Kimba Wood slices court date to make way for bris
On Monday, federal Judge Kimba Wood told jury members in United States v. Lacey that they wouldn't be sitting on Dec. 6. But she didn't tell them the reason why: a bris.
The woman nominated for U.S. attorney general in 1993 -- she withdrew her name due to a nanny controversy -- found herself back in the news this month when she approved an unusual courtroom request.
New York defense lawyer Bennett Epstein, who has argued in Wood's Manhattan court many times before, sent a letter to her two weeks ago: An upcoming mortgage-fraud trial, he explained, would likely coincide with the birth of his daughter's first child, due Dec. 3. If it were a boy, Epstein (a Modern Orthodox Jew) requested a one-day recess so he could attend the traditional Jewish circumcision, held on the eighth day after the birth.
"Should the child be a girl, not much will happen in the way of public celebration," he wrote in the playful request -- which the judge filed into the public court docket. "However, should the baby be a boy, then hoo hah! ... My presence at the bris is not strictly commanded, although my absence will never be forgotten by those that matter."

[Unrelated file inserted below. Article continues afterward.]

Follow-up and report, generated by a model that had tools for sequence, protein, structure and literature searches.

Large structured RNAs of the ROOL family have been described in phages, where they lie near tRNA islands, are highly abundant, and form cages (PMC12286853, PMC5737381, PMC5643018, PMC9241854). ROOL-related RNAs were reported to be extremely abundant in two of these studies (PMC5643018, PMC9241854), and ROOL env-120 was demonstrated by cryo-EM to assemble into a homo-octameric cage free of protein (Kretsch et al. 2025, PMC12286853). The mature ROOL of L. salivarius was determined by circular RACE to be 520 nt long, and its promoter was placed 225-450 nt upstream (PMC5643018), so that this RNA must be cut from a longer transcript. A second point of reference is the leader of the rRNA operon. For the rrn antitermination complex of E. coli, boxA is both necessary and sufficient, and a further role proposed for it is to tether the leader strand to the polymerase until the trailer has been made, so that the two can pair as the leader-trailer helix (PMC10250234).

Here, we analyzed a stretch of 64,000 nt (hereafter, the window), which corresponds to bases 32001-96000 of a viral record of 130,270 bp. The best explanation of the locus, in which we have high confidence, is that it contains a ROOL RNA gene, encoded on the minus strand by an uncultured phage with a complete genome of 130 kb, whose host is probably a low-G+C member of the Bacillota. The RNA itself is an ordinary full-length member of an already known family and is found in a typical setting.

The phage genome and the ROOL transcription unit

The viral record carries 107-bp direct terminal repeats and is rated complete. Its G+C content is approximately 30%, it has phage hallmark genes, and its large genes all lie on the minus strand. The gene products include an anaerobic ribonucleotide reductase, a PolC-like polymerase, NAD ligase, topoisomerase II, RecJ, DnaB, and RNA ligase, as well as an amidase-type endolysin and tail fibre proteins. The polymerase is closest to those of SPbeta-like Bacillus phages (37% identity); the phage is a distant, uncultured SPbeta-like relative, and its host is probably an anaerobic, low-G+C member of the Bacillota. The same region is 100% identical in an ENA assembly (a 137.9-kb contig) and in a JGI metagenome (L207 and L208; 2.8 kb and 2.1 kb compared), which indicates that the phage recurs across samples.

Wood approved in a handwritten note: "But the court would like to balance the scales. If a daughter is born, there will be a public celebration in Court, with readings from poetry celebrating girls and women." The exchange was picked up and circulated on legal Web sites.
Although Epstein dutifully collected poetry just in case, it proved moot: The baby arrived at 2:13 a.m. Monday -- a 7-pound, 10-ounce boy. The proud grandfather walked into court and said, "Judge, I have an announcement. Hoo hah!"
"Everybody's doing great," Epstein told us during a courtroom break. Wood informed jury members that they won't be sitting next Monday; Epstein will head to Philly and promised to bring back treats from the bris for the court: "It's considered a mitzvah to partake."
The Reliable Source
| November 30, 2010; 1:05 AM ET
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